I have been a League of Legends player for basically as long as a programmer. This dual time investment into seemingly unrelated field gave me some unique parallel insights. Most importantly, why someone cannot improve albeit putting in years of efforts.
Let's start with League. It is a very complex video game, because within half hour of game play, there are countless factors that make or break the game for you. The choices start with champion selection. Whether your team synergize, whether each role counters that of corresponding enemy's, and whether the champion is strong at the moment. After selection, each of 10 player starts making his own decisions every second, which makes it impossible to predict the outcome.
However, despite such complexity, there exist players who are so good at the game that they make others look pathetic. Countless gladly pay to see high-level gameplays all the time. This really begs the question, how is it possible for some to become so good? However, in reality the real question is why some never improve?
I am a platinum player, above 90% of the player by statistics. I know less than 5 people personally who are better. This meant I witness a lot of my friends who are stuck at lower levels. This is even when most of them play more than I do. What is most interesting is that in spite of their blatant motivation and knowledge to improve, they never succeed. This means that there are a lot of serious improvements that they know but never achieve.
One of these major changes is to conform to the meta. The meta is the concept that certain characters, play style, or choices are much better given current conditions of the game. For example, if high damage champions became really strong since a game change was recently introduced, then one should play those champions all the time. However my friends would rather stick with familiar champions or just play whatever they want randomly. So they always begin the game from behind and find it hard to outcompete others.
The meta also exists in programming. For example, back when the web exploded, those web developers enjoyed absurd compensations because they were the minority who followed the meta. They succeeded when they could have been crappy programmers. That is the thing about meta, if you are riding wave, you will automatically do better. It does not matter whether others are actually better skilled at their thing, because there exist conditions that are way larger than skills can compensate. The new meta in 2020 is machine learning, and maybe virtual reality.
Another common problem in League is with getting better at core skills. Core skills are usually habits that affects the game greatly and thus divide player level hierarchy. It then means, not acquiring core skills is a very good reason why someone does not climb. In league, such a core skill could be map awareness. This is a term describing how mindful someone is of the location of the other 9 players. To be map aware, you should look at the mini map in the game every 5 seconds or so. It sounds pretty easy, but core skills are hard to learn or identify as an area of improvement. This is because core skills are often preceded by bad habits or faulty mentality that obstruct learning.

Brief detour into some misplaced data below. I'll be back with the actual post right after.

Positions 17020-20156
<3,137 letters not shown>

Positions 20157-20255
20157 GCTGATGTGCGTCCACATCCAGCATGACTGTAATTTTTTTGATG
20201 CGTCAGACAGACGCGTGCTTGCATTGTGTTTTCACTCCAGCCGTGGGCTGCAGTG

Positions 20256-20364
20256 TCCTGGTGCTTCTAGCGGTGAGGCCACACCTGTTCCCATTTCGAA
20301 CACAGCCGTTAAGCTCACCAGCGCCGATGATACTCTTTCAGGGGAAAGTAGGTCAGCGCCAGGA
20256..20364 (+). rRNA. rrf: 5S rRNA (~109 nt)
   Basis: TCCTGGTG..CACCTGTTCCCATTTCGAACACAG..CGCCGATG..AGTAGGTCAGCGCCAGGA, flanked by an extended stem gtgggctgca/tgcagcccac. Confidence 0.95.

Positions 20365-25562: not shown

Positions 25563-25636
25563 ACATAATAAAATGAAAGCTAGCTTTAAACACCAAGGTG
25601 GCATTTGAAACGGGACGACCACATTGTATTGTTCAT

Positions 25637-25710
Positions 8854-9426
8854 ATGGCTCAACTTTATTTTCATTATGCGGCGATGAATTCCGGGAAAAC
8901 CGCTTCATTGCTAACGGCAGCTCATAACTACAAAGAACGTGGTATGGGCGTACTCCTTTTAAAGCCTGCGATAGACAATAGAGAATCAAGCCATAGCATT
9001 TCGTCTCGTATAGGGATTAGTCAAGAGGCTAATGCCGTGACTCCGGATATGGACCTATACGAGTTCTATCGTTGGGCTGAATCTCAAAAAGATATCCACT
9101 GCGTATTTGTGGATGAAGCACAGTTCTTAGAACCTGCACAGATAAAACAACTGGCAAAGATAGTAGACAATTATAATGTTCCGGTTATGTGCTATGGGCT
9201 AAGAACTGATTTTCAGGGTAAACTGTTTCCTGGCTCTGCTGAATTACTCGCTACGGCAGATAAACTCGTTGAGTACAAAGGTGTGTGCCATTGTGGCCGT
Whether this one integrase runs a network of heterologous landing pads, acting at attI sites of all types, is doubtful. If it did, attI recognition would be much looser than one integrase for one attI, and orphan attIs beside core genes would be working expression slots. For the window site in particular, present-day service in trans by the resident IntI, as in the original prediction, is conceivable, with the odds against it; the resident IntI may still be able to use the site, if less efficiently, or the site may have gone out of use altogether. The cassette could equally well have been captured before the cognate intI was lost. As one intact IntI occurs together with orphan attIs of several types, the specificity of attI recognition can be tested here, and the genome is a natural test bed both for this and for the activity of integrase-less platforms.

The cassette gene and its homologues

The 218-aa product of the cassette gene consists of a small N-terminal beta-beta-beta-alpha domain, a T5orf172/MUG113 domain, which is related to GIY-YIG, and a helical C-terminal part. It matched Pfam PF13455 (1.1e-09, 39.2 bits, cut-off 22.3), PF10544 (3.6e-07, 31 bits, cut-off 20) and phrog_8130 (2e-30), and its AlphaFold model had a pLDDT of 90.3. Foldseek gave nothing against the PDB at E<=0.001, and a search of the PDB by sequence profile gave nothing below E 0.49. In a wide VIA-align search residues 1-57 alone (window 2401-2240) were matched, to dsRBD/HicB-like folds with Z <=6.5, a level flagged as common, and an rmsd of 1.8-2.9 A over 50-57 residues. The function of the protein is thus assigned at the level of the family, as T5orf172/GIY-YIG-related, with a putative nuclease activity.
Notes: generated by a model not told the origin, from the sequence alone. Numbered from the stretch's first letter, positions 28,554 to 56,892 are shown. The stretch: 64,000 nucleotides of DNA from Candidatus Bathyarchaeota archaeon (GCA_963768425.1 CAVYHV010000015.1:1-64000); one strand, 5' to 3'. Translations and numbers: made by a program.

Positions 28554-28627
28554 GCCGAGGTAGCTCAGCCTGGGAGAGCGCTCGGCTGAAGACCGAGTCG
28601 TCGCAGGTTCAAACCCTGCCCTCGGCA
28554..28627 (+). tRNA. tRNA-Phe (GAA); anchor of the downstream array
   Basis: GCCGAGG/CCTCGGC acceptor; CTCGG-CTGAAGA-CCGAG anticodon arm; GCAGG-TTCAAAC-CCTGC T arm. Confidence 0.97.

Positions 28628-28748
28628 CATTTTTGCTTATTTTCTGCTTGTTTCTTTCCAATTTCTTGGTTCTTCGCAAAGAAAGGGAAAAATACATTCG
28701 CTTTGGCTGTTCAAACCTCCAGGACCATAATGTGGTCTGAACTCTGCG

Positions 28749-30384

Programmers also suffer from lacking core skills. One of such can be the ability to really understand each small piece of code individually and how they relate or unrelate to each other. Best demonstration of this is probably the joke that sometimes programmers don't know why code does not work and then why it worked later on. The root cause the not-understanding is that the programmer never learned the subtlety of code. This can be an unfamiliar syntax or unknowing side effect. Therefore he cannot translate the code into meaningful semantics in his mind.
An example in React is not having to worry about re-rendering because the library takes care of it. I have seen my own code do a lot of unnecessary calculations because a sibling or parent need to re-render and React would call the functional component regardlessly. I can only let this slip by since not worrying about re-rendering is the answer I got from React discord.
Quick favorites of mine are "this is recommended" and "it's the best practice".
Another big problem with League players is unfocused investment. This means that many players pride themselves in knowing lots of different champions or different roles in the game. Usually, trying something new is a good thing, because innovation is the definite precursor to improvement. However wrong areas of innovation definitely does not produce improvement. Recall that the game itself is extremely complicated. This means that for a player to do well and improve in a competitive environment, the player really needs to eliminate noise and work on one thing at a time. For example, for someone of poor map awareness, he should play the same champions for a while so that he can maximize the necessary mental space to correct his bad habit.
In a competitive and complex environment, there are those who are gods and those who are forever down at the trenches even though the path upward is usually publicly available. It is truly remarkable why most never improve and not why people do well. Part of the answer is unfocused investment. Efforts into new things will unlikely be fruitful if core skills are still unpolished. On the other hand, turtling in specific niche while other new fields are blooming is surely a mistake as well. It is very hard to navigate and determine when and how much effort to put toward. This is why some are left in the dust, they are looking and running at the sub-optimal or entirely wrong directions.